Trees may be removed to improve air controllers' view

Posted: Tuesday, February 27, 2001

Juneau Airport officials want to cut down tall trees along about 3,000 feet of Jordan Creek because of safety concerns.

The Juneau Planning Commission will consider the airport's request for a variance from the city's streamside setback rules during its meeting at 7 tonight in Juneau Assembly chambers. The rules ordinarily don't allow vegetation to be cut within 50 feet of a fish stream.

Jordan Creek, home to a declining but still substantial coho salmon run, according to state habitat biologists, is on the state's list of impaired water bodies. Streamside vegetation keeps banks from eroding and gives fish cover from the sun and predators. The debris from trees adds nutrients to streams.

But the tall spruce and hemlocks around the creek block air traffic controllers' view of parts of three taxiways and two helicopter operations, Airport Manager Allan Heese has told the city Community Development Department. The Federal Aviation Administration has recommended the trees be cut to a height that doesn't restrict sight lines from the control tower.

The airport also is concerned the trees harbor large birds that might fly into an airplane, and the trees may be a danger to planes that have strayed from the normal flight path.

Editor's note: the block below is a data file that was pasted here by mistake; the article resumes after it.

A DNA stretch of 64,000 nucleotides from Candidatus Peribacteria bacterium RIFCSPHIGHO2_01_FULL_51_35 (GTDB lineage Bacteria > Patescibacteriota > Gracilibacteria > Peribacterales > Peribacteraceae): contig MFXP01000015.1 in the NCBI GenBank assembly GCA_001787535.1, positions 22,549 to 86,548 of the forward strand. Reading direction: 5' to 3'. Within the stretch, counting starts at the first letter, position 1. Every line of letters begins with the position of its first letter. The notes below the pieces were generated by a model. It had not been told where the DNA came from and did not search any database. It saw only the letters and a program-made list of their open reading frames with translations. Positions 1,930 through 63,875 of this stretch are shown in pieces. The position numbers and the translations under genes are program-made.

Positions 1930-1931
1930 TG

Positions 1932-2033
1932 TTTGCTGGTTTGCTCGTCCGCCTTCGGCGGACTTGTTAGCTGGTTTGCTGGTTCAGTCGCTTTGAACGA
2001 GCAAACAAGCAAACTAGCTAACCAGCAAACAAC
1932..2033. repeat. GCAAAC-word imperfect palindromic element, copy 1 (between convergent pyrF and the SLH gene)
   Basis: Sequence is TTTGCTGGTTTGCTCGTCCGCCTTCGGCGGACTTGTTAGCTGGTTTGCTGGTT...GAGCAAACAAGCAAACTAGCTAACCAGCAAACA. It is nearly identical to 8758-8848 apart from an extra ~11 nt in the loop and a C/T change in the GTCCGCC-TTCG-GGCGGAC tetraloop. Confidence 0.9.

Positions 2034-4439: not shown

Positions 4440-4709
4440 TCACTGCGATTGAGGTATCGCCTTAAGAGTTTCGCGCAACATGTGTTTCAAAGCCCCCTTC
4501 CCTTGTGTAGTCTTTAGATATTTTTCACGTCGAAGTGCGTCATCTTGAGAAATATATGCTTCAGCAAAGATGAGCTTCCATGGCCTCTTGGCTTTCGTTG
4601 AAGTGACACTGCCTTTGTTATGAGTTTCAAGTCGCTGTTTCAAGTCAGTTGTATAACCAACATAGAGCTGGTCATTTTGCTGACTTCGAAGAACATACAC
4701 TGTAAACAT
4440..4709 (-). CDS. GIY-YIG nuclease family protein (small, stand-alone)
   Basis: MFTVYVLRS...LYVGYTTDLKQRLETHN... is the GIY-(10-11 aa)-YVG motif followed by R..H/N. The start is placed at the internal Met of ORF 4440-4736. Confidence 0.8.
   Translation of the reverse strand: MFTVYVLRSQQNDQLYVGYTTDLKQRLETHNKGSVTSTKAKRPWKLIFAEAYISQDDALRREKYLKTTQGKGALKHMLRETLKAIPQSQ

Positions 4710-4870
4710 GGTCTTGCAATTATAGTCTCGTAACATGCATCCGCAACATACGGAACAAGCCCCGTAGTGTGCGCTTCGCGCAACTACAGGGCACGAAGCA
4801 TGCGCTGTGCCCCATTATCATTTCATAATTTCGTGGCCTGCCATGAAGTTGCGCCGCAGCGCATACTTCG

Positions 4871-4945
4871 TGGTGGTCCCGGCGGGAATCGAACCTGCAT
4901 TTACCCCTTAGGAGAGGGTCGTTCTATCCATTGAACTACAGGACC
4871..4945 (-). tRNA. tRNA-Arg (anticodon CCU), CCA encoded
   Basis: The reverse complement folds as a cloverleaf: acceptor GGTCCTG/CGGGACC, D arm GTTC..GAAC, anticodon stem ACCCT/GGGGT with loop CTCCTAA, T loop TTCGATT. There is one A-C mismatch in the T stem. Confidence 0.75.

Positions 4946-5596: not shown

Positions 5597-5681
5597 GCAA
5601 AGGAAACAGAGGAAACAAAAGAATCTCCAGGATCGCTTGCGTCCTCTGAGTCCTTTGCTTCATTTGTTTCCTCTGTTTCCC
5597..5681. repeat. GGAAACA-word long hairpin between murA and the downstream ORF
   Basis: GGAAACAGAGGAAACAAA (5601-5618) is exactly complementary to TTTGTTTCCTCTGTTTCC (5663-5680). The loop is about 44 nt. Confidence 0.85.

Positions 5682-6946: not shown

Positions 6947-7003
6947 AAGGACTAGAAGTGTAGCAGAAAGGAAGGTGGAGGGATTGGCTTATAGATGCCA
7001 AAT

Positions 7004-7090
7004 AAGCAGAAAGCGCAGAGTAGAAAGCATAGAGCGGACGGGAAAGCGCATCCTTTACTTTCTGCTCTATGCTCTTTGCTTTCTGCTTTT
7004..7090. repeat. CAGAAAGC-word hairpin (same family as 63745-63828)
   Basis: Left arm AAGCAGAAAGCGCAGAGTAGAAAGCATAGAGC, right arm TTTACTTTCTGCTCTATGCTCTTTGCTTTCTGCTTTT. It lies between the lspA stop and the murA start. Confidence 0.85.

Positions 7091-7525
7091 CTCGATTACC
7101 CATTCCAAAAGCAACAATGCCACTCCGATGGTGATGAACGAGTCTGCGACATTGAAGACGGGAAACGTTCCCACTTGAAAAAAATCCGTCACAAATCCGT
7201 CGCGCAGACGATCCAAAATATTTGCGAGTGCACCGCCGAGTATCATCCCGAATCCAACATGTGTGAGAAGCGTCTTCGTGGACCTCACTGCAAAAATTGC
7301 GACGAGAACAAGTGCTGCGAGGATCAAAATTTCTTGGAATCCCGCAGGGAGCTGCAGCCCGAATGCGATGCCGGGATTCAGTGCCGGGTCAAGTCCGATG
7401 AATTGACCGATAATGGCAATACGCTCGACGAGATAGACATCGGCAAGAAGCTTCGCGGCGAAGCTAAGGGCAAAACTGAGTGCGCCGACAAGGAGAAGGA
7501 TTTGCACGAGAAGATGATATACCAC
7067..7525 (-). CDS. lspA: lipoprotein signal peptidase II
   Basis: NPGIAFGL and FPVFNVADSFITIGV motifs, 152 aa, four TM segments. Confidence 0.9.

In separate incidents, two blue herons flying from the Jordan Creek area have hit Alaska Airlines jets, the airport said. And a small plane that crashed into a hangar in August 2000, killing the pilot, struck the top of a spruce tree near the creek as the pilot, already in trouble, was trying to pull out of a sharp descent, according to the National Transportation Safety Board.

The Community Development Department is recommending the planning commission let the airport cut the tall trees but plant willow along the stream banks. The affected area of Jordan Creek is south of Yandukin Drive.

Willows would create a lot of habitat for the stream, and might even be better than the tall trees, which are further up the bank, said Carl Schrader, a member of the city Wetlands Review Board. The citizen panel looked at the airport's plan in mid-February, but didn't make a formal response because it didn't have a quorum.

Habitat biologists at the state Department of Fish and Game are concerned about the airport's proposal, although they said the control tower's sight lines are a valid concern.

"One concern is they're going quite a bit beyond that in removing all the vegetation," said Juneau area habitat biologist Ben Kirkpatrick. The line-of-sight issue could be solved by topping a number of trees, he said.

Trimming the trees wouldn't solve the bird problem, the airport has said. But Kirkpatrick said the Jordan Creek area hasn't been studied for birds. He'd like to see more review of the issue, perhaps as part of the airport's upcoming environmental impact statement about plans to fill wetlands to extend the runways.

Dave Hanna, a member of the Wetlands Review Board, said it's time to consider whether Jordan Creek can be saved in light of the airport's safety needs and the likelihood it will expand in the future.

"A lot of work's being done by different groups to see about restoring Jordan Creek, and it seems like we're fighting a losing battle at the airport," he said. "The safety at the airport must come first, so it's a little disturbing."

Eric Fry can be reached at

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